In 2009, Ari Page took over as CEO of Fund&Grow. Ari is a business credit specialist with a passion for people, a penchant for new ideas, and the ability to implement them. Ari's background has enabled him to use the power of the group to leverage individual competencies in order to better benefit his clients and grow a stronger, more cohesive company. One of Ari's core competencies is creating powerful new strategies to circumvent the many roadblocks that so many businesses face in an economy where banks are hesitant to lend to the average American business. In the competitive financial services industry, Ari and his team have excelled at delivering an incredibly powerful business-credit-building program that far exceeds the typical service and reputation of the industry. What you will learn in this episode: Why real estate investors need to have easy access to unsecured funding What process investors typically go through to get business credit If you need good personal credit to get approved for business credit What Ari has to say about obtaining funding during the Wicked Smart Summit What is the credit card stacking process, and how long does the process take If business credit shows up on your personal credit file The number one thing that small businesses can do to be successful Resources: https://smartrealestate.com/fundandgrow LinkedIn: linkedin.com/in/ari-page-business-credit-expert-73546835 Twitter: https://twitter.com/CC_Builders https://twitter.com/AriPage Additional Resources: Follow Chris and Zach on Club House to learn even more about deal structures and how to get 3 paydays from your real estate investments. If you're looking to secure some lines of credit for your business, check out Fund and Grow – Visit the Resource page at https://smartrealestatecoach.com/resources Schedule a FREE Strategy Call: SmartRealEstateCoach.com/action Register for our free masterclass: www.SmartRealEstateCoach.com/mastersclass Real Estate on Your Terms by Chris Prefontaine SmartRealEstateCoach.com/webinar SmartRealRstateCoach.com/ebook SmartRealEstateCoach.com/QLS Smart Real Estate Coach Podcast Sponsor: Paul G. Dion CPA, CTC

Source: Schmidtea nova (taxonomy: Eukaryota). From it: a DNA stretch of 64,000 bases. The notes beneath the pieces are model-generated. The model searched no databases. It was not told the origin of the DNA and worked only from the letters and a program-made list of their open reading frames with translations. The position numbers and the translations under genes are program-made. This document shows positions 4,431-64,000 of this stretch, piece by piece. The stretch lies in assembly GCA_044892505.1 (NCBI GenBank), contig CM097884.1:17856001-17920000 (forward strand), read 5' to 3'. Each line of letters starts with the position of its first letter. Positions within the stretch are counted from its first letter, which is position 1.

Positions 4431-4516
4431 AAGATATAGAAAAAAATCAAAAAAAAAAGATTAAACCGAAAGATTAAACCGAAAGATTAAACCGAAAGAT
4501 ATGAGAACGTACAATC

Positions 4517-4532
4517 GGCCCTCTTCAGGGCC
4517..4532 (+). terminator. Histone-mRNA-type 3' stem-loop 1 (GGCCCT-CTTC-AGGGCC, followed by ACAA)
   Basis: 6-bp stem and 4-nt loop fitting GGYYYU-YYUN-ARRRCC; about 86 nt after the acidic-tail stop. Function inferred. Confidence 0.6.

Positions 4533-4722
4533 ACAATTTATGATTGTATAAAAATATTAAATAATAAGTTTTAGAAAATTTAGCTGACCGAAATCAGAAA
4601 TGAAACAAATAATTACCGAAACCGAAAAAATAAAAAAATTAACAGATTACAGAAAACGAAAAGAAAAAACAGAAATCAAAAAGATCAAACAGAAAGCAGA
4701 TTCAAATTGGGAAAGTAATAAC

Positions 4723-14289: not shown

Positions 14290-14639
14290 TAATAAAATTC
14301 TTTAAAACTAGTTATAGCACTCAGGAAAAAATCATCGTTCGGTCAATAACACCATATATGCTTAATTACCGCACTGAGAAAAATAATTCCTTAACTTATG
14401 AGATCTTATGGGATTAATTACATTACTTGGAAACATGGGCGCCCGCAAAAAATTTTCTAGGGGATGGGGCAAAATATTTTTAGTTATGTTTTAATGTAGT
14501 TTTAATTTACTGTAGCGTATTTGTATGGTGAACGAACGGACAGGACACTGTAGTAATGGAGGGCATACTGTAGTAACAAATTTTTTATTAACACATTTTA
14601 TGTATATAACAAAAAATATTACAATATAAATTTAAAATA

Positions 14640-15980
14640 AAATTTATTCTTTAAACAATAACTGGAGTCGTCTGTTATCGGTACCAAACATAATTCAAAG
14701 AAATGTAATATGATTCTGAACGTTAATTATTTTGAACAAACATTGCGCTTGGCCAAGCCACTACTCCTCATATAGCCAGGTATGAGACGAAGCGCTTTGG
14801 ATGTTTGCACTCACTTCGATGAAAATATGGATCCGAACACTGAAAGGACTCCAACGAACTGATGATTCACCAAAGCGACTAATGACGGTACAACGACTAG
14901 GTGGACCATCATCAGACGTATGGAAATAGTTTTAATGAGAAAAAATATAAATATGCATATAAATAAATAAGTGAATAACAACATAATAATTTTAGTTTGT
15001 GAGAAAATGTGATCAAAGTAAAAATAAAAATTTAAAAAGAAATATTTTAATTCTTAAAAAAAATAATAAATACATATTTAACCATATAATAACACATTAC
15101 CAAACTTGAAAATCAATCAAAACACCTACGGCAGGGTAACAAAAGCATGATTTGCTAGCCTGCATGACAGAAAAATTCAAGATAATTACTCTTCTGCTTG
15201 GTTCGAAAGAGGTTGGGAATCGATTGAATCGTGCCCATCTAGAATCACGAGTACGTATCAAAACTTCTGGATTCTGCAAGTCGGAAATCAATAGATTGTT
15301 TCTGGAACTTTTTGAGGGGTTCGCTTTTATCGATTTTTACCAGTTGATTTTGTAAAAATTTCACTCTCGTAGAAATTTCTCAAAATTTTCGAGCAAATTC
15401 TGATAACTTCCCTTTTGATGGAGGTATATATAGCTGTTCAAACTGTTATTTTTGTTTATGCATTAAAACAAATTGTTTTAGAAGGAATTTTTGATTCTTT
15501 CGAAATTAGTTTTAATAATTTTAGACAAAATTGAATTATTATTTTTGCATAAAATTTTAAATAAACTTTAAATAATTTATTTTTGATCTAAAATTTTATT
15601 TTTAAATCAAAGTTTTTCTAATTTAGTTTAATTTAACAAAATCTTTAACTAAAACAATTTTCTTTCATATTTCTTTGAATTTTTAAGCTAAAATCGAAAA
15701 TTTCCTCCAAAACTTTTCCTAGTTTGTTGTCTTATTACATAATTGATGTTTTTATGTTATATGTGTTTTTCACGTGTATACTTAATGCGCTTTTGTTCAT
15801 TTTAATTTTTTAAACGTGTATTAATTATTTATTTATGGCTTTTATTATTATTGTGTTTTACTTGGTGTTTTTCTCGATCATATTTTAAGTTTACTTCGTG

Bankless